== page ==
• Gifted Women and Skilled Practitioners: Gender and Healing Authority in the Delaware Valley, 1740-1830

      Klepp, Susan E.; Waldstreicher, David; Glasson, Travis; Brown, Kathleen M., 1960- (Temple University. Libraries, 2014)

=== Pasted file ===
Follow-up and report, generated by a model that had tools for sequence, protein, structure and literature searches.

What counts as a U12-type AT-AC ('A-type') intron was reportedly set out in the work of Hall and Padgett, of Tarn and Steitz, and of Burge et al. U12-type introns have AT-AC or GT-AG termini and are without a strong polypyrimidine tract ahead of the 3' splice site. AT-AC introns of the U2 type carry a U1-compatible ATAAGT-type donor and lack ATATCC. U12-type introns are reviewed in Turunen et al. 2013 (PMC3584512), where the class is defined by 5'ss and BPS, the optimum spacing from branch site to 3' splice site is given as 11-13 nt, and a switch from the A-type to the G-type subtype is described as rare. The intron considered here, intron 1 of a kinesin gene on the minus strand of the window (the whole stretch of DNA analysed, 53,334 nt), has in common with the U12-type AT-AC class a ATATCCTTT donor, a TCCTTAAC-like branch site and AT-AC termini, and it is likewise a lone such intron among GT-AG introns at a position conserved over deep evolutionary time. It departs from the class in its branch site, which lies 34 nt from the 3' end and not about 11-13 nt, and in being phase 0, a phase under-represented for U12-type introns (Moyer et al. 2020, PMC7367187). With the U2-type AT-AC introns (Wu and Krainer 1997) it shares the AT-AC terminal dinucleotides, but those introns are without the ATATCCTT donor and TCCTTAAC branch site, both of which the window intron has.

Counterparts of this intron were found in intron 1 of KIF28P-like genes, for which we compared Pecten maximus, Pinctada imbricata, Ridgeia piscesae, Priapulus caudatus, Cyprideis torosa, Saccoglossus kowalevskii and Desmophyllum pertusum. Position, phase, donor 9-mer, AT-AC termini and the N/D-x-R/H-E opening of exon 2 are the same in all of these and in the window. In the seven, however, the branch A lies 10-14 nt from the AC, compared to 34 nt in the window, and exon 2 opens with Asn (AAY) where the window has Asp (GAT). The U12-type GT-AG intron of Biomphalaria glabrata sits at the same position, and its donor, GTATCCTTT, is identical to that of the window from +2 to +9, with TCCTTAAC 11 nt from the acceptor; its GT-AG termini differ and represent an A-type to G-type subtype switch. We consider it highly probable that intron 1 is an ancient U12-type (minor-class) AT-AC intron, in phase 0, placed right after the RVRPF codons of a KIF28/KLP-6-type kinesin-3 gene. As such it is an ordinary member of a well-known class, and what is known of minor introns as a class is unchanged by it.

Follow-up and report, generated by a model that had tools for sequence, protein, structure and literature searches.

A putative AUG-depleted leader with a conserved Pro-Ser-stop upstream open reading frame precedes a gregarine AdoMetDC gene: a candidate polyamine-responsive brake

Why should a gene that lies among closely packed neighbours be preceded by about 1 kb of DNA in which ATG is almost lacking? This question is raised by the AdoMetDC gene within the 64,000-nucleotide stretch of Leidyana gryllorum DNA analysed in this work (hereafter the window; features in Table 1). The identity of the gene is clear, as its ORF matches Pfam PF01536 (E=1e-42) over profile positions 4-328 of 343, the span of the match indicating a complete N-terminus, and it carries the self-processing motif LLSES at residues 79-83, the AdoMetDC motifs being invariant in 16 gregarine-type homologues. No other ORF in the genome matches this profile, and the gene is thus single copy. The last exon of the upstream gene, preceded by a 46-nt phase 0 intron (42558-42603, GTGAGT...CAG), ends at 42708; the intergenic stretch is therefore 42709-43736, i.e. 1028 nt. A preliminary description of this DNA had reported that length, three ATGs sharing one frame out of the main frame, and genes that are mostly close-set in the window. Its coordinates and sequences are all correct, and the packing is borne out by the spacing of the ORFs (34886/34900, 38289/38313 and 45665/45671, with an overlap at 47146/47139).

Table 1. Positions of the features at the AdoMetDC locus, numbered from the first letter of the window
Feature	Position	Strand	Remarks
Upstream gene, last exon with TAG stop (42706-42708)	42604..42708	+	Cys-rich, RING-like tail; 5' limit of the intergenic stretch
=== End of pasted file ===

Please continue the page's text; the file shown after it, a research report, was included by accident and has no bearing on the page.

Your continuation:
This dissertation uncovers women healers' vital role in the eighteenth- and early nineteenth-century healthcare marketplace. Euro-American women healers participated in networks of health information sharing that reached across lines of class and gender, and included female practitioners in American Indian and African American communities. Although their contributions to the healthcare labor force are relatively invisible in the historical record, women healers in the Delaware Valley provided the bulk of healthcare for their families and communities. Nonetheless, apart from a few notable monographs, women healers' practices and authority remain understudied. My project complicates a medical historiography that marginalizes female practitioners and narrates their declining healthcare authority after the mid-eighteenth century due to the emergence of a consumer society, a culture of domesticity, the professionalization of medicine, and the rise of enlightened science, which generated discourses of women's innate irrationality. Using the Philadelphia area as a case study, I argue that women healers were not merely static traditional practitioners destined to fall victim to the march of science, medicine, and capitalism as this older narrative suggests. Instead, I assert that women healers of various classes and ethnicities adapted their practices as they found new sources of healthcare authority through female education in the sciences, manuscript authorship, access to medical print media, the culture of sensibility, and the alternative gender norms of religious groups like the Quakers. Building on a longstanding foundation of recognized female practitioners, medically skilled women continued to fashion healing authority by participating in mutually affirming webs of medical information exchanges that reflected new ideas about science, health, and the body. In addition, women doctresses, herbalists, apothecaries, and druggists empowered themselves by participating in an increasingly commercialized and consumer-oriented healthcare marketplace. Within this unregulated environment, women healers in the colonies and early republic challenged physicians' claims to a monopoly on medical knowledge and practice. The practitioners analyzed in this study represent a bridge between the recognized and skilled women healers of the seventeenth century and the female healthcare professionals of the nineteenth century.